Author: Nicole Dumas

You Hit the Nail on the Head
Street: 10.08
Laughter= Breather Resist+Pantera+Temple of the Dog
Are you ready to taste the rainbow? Laughter has created a sound that dips where other locals have not. Releasing the demon of influence, You Hit the Nail on the Head has a varied rock sound. Between the second track “Auditory Ipecac” and track five “I am on my Way,” you’ll feel the slap from a Converge to Pantera sound with an underlying tribute to grunge. In that jumble, I found a liking for their style and promised heaviness. The best feature of Laughter is that between the drumming and vocals they manage their screams and sings well. Sudden changeover from man-imal screaming to melodic singing can be difficult to slay, but this is a job well done.

Pilot This Plane Down
Glory of the World
Street: 08.08
Pilot This Plane Down= Tristeza+A band whose name starts with an “I” and ends with an “S”
I wanted to get my ears dirty. Instead of putting Pilot This Plane Down in my computer and doing three different things, I sat down with headphones. Exigent Records is like a grab bag of goodies and has released albums from many local artists that I dig. The initial vibe of Glory of the World is heavily Isis-influenced, but PTPD have something to offer besides a tired replica. The album art is simple and bitchin’ and gives the impression that it’s laced with mysterious meaning. Opening track “At Peace” sets the mood and carries a steady flow to the end with “Collapse.” PTPD’s songs read like a book, bridging one to the other and conducting a dark, solemn and ambient sound. There are moments so eerie that it mimics the score of a 1970s Italian horror flick. With all of the quiet there is loud exploding rhythm that may force you into banging your head, which is always a plus.

Street: 07.08
Reviver= Ensign+Will Haven+The Unseen
Maybe I don’t spend enough time in the community because Reviver had totally passed me by before I heard their debut album Versificator. They are yet another talented addition to the Exigent Records roster. Reviver members have been in previous local bands such as Cherem and Cool Your Jets making the band seasoned hardcore veterans. The versatility in their music will cater to almost anyone who has a history with hardcore music. Bind the musicianship of Reviver with wizardfingers Andy Patterson’s recording/ mixing and you have the tools necessary to be pleased. I haven’t been amped on this style of music in a while, but those of you still agile enough for the amount of energy that oozes from Reviver’s veins shall be ready to pump your fist, get your mosh on and possibly do a finger point!

A Balance Of Power

Stomp The Ground


Street: 2.20

A Balance Of Power= Bane + Anthrax + Sevendust

It’s always interesting to run into new metal locals in S.L.C. because it’s not too often you see metal heads scurry around Utah streets. A Balance of Power is new to me and Stomp the Ground is an album with five jams that have a crossover mix of metal. For the most part, it’s subtle on the heavy and has moments of thrash. I just kept waiting for it to get heavier and louder and that didn’t happen. The songs remind me of the point in time when hardcore bands warmly welcomed metal and a little bit of speed into the mix, but there is nothing notably impressive or epic in this recording. The most memorable track is number five, “Confined,” mainly because it sounds a lot like early L.A. hair metal. I like the approach and they seem like some real down dudes, but Stomp The Ground is just lacking attack.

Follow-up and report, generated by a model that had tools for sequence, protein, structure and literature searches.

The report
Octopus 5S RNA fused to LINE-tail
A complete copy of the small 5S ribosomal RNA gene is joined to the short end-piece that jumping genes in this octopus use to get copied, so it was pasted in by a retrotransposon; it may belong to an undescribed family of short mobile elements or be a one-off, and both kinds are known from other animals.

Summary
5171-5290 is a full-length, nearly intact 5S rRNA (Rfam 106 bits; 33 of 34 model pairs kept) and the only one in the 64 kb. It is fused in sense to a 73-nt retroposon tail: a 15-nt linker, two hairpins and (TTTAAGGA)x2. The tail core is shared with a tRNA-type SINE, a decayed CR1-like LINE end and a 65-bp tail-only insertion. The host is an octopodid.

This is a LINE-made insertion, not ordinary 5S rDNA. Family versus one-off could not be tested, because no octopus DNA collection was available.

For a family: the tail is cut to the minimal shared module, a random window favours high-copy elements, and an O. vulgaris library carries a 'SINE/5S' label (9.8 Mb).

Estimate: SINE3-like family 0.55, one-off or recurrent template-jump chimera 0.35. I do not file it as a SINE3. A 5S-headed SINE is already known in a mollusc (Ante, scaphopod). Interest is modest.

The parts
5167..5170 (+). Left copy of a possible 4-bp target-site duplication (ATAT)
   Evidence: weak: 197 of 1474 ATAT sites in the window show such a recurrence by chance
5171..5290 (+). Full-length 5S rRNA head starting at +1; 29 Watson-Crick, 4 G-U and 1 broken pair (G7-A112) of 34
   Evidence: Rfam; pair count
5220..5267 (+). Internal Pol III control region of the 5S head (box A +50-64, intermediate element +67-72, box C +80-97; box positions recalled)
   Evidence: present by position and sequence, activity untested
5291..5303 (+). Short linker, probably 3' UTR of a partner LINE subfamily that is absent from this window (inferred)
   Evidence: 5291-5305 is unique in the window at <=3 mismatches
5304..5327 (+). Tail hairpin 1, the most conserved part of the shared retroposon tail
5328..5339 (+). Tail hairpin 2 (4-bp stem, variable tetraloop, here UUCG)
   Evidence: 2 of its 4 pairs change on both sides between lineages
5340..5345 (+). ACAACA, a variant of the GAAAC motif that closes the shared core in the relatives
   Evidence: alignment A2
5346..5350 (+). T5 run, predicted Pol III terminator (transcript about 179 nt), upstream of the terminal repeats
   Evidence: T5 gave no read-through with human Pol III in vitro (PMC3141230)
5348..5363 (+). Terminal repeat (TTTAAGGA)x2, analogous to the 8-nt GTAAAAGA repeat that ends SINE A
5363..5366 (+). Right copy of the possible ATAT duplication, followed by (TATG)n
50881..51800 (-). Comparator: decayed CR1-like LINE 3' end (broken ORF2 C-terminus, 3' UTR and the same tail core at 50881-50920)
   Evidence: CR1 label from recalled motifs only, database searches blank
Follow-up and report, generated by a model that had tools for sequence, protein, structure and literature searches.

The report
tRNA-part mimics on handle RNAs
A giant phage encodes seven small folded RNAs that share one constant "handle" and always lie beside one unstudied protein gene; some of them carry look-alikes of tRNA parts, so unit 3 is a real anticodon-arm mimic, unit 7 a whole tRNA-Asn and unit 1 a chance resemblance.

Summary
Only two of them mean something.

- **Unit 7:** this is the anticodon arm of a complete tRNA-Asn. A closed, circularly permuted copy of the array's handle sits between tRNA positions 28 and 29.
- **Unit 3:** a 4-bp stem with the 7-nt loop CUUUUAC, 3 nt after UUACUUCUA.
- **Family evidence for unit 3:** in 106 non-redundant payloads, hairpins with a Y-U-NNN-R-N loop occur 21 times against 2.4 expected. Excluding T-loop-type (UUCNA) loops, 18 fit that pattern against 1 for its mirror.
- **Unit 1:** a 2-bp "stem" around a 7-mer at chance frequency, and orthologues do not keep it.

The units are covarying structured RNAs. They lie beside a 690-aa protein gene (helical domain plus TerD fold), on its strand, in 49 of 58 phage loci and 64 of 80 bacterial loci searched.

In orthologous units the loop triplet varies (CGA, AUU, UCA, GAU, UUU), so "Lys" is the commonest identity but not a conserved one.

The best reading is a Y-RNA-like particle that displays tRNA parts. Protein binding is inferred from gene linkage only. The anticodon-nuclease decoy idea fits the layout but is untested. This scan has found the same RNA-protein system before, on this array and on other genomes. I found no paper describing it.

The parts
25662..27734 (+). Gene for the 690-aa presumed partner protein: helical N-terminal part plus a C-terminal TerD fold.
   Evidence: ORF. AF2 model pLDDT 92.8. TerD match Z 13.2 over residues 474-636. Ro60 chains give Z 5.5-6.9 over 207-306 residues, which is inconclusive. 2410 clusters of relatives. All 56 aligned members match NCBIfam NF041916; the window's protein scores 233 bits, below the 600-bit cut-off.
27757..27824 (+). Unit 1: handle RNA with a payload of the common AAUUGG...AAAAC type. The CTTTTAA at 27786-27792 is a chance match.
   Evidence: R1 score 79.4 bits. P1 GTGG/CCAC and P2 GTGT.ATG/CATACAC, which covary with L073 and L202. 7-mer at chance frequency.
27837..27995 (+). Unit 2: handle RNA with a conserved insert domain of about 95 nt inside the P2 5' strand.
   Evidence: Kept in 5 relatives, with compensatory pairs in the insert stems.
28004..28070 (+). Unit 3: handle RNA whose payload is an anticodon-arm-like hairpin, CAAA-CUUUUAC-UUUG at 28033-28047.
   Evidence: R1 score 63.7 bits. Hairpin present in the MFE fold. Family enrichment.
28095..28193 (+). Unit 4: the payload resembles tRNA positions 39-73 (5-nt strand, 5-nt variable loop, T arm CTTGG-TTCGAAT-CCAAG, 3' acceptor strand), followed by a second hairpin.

Active Aggressive


Better Youth Underground

Street: 2.20

Active Aggressive = F-Minus + Teen Idles + Government Issue

To my disadvantage, my first meeting with Active Aggressive was through this demo. This short, three-song political run is a rough one. I know the purpose of a demo, but it sounds like standing outside of a live show with earplugs in. It’s fast crusty punk. Yes, there are a few moments of sweet riffs, but It is very abrasive, unclear in sound and makes me want to punch something (maybe that’s a good thing?). Active Aggressive have an ultra DIY vibe that can be appreciated, but I don’t see it necessary to put people through the torment of something that sounds like a homemade tape recording.

Nine Worlds
Self -Titled
Street: 10.02
Nine Worlds= Cult of Luna+Rwake+Pelican+Russian Circles
Nine Worlds takes the pace of super slow doom/ambient metal and speed it up just enough too keep you connected. I get undeniably impatient with 12-minute-plus songs that fade into nowhere, but here I found a satisfying four-song EP with all tracks in perfect timing. The tracks travel with a basic (61) SaltLakeUnderGround heavy loop of repetitive, sludge-filled rhythm separated by breakdowns that resume a notch heavier. Titillating bass lines and math rockish guitar are a monster part of the sound, paired with a well-balanced amount of masculinity and femininity. My favorite track is “Everyone’s In A Fucking Band,” (which is a fucking awesome song name) it has a lonely twang that plays with samples from the movie, A Scanner Darkly. Thank you Nine Worlds for offering a noteworthy release. Stoners, roll up your sleeves.